sucking, and general oral health hygiene.

The AAP recommends that all infants and children have a “dental home” to mirror their
“medical home.” A “medical home” is a primary care physician who provides
“accessible, continuous, comprehensive, family centered, coordinated, compassionate,
and culturally effective” care and who helps to manage and facilitate all aspects of the
child’s care. Likewise, the dental home delivers pediatric primary dental care needs in a
similar manner. According to the AAP, the dental home “is a specialized primary dental
care provider within the philosophical complex of the medical home.”

The AAP recommends that infants who are assessed to be within one of the following
risk groups should be referred to a dentist as early as 6 months of age and no later than 6
months after the first tooth erupts or 12 months of age (whichever comes first) for
establishment of a dental home:
    • Children with special health care needs
    • Children of mothers with a high caries rate
    • Children with demonstrable caries, plaque, demineralization, and/or staining
    • Children who sleep with a bottle or breastfeed throughout the night
    • Later-order offspring
    • Children in families of low socioeconomic status
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Infants who fall in these high-risk categories may benefit from fluoride supplementation,
including professionally-applied fluoride varnishes. According to Dr. Hayes, fluoride
supplements should not be given to a one or two year old unless there is existing decay or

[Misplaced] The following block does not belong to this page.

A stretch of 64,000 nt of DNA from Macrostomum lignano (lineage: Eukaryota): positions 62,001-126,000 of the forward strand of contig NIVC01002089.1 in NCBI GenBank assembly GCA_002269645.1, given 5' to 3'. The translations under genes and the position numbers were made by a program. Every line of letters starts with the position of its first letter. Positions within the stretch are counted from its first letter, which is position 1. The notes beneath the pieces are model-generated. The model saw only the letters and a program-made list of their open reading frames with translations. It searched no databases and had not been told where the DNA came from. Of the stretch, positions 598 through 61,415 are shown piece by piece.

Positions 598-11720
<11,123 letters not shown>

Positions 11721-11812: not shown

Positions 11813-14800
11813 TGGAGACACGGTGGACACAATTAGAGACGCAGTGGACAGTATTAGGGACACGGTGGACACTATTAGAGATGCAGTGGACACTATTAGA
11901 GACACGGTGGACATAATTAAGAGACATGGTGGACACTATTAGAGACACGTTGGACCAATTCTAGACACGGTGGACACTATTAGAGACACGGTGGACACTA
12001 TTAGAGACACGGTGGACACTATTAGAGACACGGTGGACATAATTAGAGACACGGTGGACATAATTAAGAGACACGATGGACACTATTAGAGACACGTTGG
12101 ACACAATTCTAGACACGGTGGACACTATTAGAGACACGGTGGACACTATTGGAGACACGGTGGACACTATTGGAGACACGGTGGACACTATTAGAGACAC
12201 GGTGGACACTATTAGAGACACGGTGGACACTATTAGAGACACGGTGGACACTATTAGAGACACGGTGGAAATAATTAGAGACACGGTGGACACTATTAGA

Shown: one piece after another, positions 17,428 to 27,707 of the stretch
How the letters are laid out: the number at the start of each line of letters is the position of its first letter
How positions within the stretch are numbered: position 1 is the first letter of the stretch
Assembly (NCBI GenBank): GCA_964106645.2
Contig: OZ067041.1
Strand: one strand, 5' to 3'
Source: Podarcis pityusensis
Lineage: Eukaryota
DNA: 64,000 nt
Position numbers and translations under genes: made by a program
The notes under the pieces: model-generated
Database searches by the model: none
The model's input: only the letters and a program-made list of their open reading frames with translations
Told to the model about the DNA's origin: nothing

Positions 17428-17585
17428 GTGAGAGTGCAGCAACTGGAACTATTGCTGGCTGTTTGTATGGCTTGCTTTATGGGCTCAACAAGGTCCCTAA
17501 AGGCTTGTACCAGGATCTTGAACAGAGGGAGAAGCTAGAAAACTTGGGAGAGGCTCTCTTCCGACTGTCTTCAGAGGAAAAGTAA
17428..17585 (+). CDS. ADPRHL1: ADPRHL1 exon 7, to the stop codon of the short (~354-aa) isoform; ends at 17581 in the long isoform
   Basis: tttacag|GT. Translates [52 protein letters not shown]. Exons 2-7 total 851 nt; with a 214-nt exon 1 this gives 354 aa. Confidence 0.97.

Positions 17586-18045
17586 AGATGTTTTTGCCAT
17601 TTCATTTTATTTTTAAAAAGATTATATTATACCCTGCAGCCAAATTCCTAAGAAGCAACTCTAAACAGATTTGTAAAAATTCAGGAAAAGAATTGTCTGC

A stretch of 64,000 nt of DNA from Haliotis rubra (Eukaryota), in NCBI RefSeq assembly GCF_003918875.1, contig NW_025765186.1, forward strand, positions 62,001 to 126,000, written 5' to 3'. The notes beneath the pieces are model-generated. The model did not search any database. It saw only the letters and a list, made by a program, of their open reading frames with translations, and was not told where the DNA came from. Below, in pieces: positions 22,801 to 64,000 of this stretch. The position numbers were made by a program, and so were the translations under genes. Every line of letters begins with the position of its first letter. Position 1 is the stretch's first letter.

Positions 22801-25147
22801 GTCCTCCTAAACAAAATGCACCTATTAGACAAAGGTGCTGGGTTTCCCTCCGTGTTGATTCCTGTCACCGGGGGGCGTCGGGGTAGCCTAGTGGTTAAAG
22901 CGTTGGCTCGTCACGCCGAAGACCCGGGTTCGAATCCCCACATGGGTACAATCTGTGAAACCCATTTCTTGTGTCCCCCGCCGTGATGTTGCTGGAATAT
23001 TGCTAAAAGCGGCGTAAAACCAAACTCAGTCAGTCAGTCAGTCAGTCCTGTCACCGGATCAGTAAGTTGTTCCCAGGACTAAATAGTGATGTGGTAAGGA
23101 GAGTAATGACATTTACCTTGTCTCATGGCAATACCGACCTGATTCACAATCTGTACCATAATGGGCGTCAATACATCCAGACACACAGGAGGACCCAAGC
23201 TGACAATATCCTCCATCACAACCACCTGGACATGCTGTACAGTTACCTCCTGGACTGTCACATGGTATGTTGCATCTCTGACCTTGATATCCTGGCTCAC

they exhibit other risk factors. Oral health providers differ on the advisability of using
toothpastes containing fluoride for infants (ages 0-12 months).

A dental sealant is a plastic film-like material that is applied to the chewing surfaces of
the back teeth. The plastic material acts as a barrier between the teeth and decay-causing
bacteria. The NMDOH sealant program targets the professional application of dental
sealants among third graders. Optimally, sealants would be applied as soon as the first
molars erupt (6-9 years of age or first through third grades) and then again as second
molars erupt (11-14 years of age or sixth through eighth grades).

The most effective oral disease prevention mechanism at the public health level has been
the introduction of community water fluoridation. Community water fluoridation is the
process of adjusting the fluoride content of public water sources to 0.7 - 1.2 parts fluoride
per million parts water, the recommended level for optimal dental health. Both children
and adults have less dental caries – 50 to 70 percent less – when they live in communities
with optimal water fluoride levels. In 2005, the Las Cruces Municipal Water System had
sixteen wells that tested below 0.7 mg/L (seven of which were below 0.5 mg/L) and eight
wells that tested between 0.7 and 1.19 mg/L.

Healthy Gente 2010 Indicators
The Healthy Gente 2010 indicators for oral health are as follows:
   • Increase to at least 75 percent the proportion of the population served by
      community water systems with optimally fluoridated water
   • Increase percent of people using oral health care system annually to 75%

These indicators provide a basis for the development of oral health objectives in Doña
Ana County. However, before objectives can be developed, the county must establish a
baseline of the percentage of people currently using the oral health care system annually.